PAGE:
Two overwhelming events occurred on September 15 and 16, 2008. The first is known to all, the second – to few — but a thread passes between them, showing the fabric of the current socio-economic and cultural system.
On September 15 Lehman Brothers investment bank filed for the largest bankruptcy in history and the next day the US government provided the $85 billion bailout for the insurance giant AIG. This was the burst of financialized delusions and financial bubbles which have been intentionally inflated during the years of neoliberalism. At that time, it seemed that a depressing worst nightmare scenario for the global economy eventually befell.
But exactly on those dates, another unprecedented event happened, but in an entirely different atmosphere. At the Sotheby’s auction in London, an artist Damien Hirst managed to shock the respective milieu with a record-breaking sale of his works for $198 million, becoming instantly the world’s richest artist. The item that attracted the most attention and the highest bid ($18 million) was “The Golden Calf” — a two-metre bull sculpture, crowned by a solid gold disc and encased in a gold-plated box on a marble base. “Hirst’s London art sale defies economic blues”, rejoiced Reuters.
These two spectacular events that took place in two Capital’s capital cities were not merely coincidence, but mutually reinforcing intertwined phenomena. While some bubbles blow up, others puff up — this is finance capitalism in a nutshell.
A notable French sociologist and philosopher Jean Baudrillard included in his book La Transparence du Mal (The Transparency of Evil, 1993) an illuminating and challenging essay “Transaesthetics”. Its final part also brilliantly connects the dots in our story, concurrently raising exclamation and question marks:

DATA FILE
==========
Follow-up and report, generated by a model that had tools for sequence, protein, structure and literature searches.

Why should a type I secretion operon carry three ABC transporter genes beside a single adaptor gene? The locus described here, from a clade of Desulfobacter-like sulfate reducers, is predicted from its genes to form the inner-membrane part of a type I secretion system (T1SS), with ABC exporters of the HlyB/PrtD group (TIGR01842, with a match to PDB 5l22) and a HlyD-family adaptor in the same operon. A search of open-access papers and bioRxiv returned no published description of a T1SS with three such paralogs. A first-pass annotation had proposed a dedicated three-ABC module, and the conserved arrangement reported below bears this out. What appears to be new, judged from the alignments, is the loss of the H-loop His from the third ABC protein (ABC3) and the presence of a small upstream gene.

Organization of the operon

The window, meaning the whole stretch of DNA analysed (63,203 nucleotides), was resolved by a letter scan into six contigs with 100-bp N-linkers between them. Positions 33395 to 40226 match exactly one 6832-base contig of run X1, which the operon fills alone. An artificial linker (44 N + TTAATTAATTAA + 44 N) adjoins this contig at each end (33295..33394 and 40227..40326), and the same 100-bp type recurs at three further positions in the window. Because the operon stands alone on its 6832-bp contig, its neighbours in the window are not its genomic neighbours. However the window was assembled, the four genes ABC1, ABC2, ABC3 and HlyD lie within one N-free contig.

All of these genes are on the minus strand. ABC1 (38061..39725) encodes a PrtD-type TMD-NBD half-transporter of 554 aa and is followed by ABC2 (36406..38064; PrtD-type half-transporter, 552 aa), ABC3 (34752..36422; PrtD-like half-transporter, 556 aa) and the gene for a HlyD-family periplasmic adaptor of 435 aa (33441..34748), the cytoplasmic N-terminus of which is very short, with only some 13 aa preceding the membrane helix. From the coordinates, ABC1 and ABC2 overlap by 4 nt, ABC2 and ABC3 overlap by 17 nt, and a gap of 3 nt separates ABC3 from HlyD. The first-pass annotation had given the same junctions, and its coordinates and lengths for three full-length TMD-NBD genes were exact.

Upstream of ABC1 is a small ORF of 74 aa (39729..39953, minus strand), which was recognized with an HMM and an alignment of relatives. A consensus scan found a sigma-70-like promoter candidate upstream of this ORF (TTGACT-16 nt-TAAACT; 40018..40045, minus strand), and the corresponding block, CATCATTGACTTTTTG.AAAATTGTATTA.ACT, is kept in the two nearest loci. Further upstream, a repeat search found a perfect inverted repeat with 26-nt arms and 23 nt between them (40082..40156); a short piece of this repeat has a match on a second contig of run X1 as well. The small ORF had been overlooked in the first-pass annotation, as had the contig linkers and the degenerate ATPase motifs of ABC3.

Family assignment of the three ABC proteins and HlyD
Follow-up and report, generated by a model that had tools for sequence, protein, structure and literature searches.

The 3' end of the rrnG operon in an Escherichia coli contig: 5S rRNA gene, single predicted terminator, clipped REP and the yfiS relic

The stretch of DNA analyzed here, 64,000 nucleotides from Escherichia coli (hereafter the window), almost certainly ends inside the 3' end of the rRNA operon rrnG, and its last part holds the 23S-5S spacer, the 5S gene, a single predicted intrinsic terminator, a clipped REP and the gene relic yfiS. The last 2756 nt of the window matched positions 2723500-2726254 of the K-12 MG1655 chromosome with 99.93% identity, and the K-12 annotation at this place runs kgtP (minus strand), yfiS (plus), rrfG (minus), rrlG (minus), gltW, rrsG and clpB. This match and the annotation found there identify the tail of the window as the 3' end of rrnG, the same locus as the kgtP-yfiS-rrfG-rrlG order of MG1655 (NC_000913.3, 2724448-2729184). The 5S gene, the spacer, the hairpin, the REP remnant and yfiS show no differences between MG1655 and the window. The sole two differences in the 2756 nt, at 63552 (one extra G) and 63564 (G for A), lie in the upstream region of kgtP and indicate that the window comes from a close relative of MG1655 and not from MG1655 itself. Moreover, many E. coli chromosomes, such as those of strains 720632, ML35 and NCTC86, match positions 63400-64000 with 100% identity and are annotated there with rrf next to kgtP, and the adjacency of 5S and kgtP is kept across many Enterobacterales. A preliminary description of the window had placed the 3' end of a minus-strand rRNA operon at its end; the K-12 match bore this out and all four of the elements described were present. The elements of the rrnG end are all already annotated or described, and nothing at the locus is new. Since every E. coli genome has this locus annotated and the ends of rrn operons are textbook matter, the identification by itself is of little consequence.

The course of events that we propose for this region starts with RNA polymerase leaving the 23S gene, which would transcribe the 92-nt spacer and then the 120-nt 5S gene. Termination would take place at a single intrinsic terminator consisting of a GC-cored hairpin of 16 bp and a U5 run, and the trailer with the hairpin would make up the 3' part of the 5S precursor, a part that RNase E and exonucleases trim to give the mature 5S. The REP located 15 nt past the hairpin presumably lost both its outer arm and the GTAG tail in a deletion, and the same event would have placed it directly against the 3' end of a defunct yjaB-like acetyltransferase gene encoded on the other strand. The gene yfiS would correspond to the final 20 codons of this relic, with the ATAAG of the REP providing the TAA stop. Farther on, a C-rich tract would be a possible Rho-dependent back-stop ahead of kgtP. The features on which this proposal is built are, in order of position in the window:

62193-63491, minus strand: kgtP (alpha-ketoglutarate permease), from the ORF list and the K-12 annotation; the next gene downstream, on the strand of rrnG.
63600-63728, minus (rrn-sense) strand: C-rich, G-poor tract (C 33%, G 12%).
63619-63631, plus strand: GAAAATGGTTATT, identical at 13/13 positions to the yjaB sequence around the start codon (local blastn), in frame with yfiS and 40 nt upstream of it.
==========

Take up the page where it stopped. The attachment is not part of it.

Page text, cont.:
“…because an end has been put to any deference to the law of value, to the logic of commodities, everything has become ‘more expensive than expensive’ — expensive, as it were, squared. Prices are exorbitant — the bidding has gone through the roof. Just as the abandonment of all aesthetic ground rules provokes a kind of brush fire of aesthetic values, so the loss of all reference to the laws of exchange means that the market hurtles into unrestrained speculation.
The frenzy, the folly, the sheer excess are the same. The promotional ignition of art is directly linked to the impossibility of all aesthetic evaluation. In the absence of value judgements, value goes up in flames. And it goes up in a sort of ecstasy.
There are two art markets today. One is still regulated by a hierarchy of values, even if these are already of a speculative kind. The other resembles nothing so much as floating and uncontrollable capital in the financial market: it is pure speculation, movement for movement’s sake, with no apparent purpose other than to defy the law of value. This second market has much in common with poker or potlatch — it is a kind of space opera in the hyperspace of value. Should we be scandalized? No. There is nothing immoral here. Just as present-day art is beyond beautiful and ugly, the market, for its part, is beyond good and evil.” (Baudrillard 1993: 18-19)
And what about Damien Hirst? Well, by 2009 his annual auction sales had shrunk by 93%, to $19 million, and the 2010 total revenue was even lower.
There is an end of all balloons.